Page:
Drawing of men on horses in an open space with mesas in the background   Line drawing of a side view of a small bridge
View of the “insulated tablelands” or buttes during Maj. Stephen Long’s expedition to the Rocky Mountains, 1820. After passage of the General Survey Act, Army Engineers had a more permanent role in surveying the West. Library of Congress   Drawing of Dunlap Creek Bridge made in 1992 for the Historic American Engineering Record. Capt. Richard Delafield designed this cast-iron bridge in the mid-1830s as part of the federal government’s efforts to repair the original bridges on the National Road. Library of Congress

During that interregnum, the Supreme Court took up the issue of internal improvements and promised a resolution as to its constitutionality. The case before the court was a dispute between two steamboat captains over a New York state monopoly that authorized Aaron Ogden, a former New Jersey governor, to run an interstate steamboat line between Elizabethtown and New York City. In 1818 he was joined on that route by Thomas Gibbons, who had been licensed separately by the U.S. Congress under a 1793 law regulating coastal trade. Once the case found its way to the Supreme Court, Chief Justice John Marshall ultimately ruled on behalf of Gibbons in carrying out the clear intent of the Constitution to have Congress, rather than individual states, regulate interstate commerce. The landmark ruling of March 2, 1824, empowered the federal government, through the Commerce Clause only, to undertake internal improvements of a national character. Advocates for the legislation pending in Congress took the win and moved successfully to pass the General Survey Act on April 30. Fresh from victory on both legal and legislative fronts, Speaker Henry Clay sought and eventually won passage of another key piece of legislation—the first rivers and harbors act—on May 24, 1824. The act authorized $75,000 for work on the Ohio and Mississippi rivers.

Crude map of river with islands   Color drawing of steamships on a winding river   Drawing of a steamboat pulling logs from a river
Map of Henderson Island sandbar in the Ohio River, 1825. Clearing hazards from the Ohio River was a primary goal of the first Rivers and Harbors Act. National Archives   Color print of steamboats at Maiden rock on the Mississippi River, 1850, printed by Currier & Ives.
Library of Congress
  Snagboat No. 2 in Harper’s Weekly, Nov. 2, 1889. Maintaining navigation on the nation’s waterways became a focus for the Corps after acquiring a civil works mission in 1824.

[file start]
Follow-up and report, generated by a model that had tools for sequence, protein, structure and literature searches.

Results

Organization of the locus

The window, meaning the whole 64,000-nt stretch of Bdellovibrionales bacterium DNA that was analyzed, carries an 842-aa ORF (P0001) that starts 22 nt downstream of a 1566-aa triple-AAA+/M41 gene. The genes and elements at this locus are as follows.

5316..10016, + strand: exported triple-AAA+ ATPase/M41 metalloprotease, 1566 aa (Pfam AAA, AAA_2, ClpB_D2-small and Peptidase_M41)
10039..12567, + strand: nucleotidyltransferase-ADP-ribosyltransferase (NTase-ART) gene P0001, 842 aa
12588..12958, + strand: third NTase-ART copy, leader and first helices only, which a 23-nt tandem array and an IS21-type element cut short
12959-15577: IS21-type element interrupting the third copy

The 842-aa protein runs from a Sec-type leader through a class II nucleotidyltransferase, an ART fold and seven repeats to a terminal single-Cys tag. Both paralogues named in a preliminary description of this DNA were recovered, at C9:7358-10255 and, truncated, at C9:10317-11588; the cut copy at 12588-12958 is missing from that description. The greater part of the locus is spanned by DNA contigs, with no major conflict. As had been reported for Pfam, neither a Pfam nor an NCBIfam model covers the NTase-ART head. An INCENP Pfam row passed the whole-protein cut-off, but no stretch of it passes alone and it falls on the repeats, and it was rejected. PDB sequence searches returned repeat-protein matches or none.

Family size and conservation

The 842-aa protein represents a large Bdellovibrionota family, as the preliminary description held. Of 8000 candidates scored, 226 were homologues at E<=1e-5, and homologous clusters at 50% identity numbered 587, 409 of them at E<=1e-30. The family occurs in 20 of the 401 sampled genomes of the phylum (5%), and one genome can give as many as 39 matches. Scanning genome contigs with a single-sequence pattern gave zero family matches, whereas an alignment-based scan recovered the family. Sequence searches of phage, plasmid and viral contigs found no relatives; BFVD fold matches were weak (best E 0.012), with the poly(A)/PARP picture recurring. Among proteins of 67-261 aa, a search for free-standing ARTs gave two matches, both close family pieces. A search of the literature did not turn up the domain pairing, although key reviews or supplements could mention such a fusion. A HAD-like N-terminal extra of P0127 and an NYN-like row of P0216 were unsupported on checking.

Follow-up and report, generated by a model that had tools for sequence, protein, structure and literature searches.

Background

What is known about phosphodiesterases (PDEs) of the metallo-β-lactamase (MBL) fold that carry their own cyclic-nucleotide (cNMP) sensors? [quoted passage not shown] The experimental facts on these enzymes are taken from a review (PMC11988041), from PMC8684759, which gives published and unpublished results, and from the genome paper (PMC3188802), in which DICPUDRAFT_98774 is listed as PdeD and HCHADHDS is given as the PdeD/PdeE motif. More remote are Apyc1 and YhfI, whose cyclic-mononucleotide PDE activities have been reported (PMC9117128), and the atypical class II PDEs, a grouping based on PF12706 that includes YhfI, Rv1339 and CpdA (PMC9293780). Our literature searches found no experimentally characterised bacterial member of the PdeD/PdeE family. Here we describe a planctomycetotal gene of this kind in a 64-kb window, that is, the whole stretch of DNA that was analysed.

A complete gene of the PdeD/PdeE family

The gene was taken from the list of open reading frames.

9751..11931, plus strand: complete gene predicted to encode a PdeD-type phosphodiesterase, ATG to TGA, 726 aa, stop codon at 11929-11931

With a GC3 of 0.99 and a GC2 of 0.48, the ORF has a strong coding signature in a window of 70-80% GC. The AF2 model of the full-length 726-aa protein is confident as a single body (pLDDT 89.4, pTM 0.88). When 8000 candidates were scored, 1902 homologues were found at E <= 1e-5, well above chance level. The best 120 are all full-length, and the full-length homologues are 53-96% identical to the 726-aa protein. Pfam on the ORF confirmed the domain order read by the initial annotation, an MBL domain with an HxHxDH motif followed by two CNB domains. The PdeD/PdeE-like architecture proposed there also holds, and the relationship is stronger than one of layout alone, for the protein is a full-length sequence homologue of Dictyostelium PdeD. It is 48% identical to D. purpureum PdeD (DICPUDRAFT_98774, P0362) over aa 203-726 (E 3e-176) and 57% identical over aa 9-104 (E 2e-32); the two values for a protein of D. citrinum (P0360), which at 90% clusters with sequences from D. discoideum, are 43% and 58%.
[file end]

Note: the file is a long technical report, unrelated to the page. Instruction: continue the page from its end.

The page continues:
The significance of these two acts, each celebrating a bicentennial in 2024, can scarcely be overstated. The General Survey Act empowered the Army to chart transportation improvements vital to the nation’s military security and commercial growth by authorizing Army Engineers to design state and private roads, canals, and railroads. The initial appropriation of $30,000 grew to a total of $425,000 by 1837 and saw the Corps, with few restrictions, undertake surveys and plan civil works projects in virtually every corner of the growing nation. The first rivers and harbors act was an obvious concession to Western interests and an overdue recognition of the vital importance of maintaining navigable waterways for commerce and transportation. Congress followed it up two years later with a second rivers and harbors act that combined authorizations for both surveys and projects and established a pattern that pushed spending in the next 100 years to over $1 billion on thousands of rivers and harbors projects in every state. In the early application of those laws, a major portion of the field work fell to the Army Engineers who thereafter set themselves to developing the modern USACE civil works program.

Drawing of a group of men, horses, and wagons on a vast prairie with mountains in the background
Nineteenth-century survey party in the Sierra Nevada, painting by J. J. Young. The General Survey Act authorized use of Army engineers to survey road and canal routes.​ National Archives


April 2024. No. 165.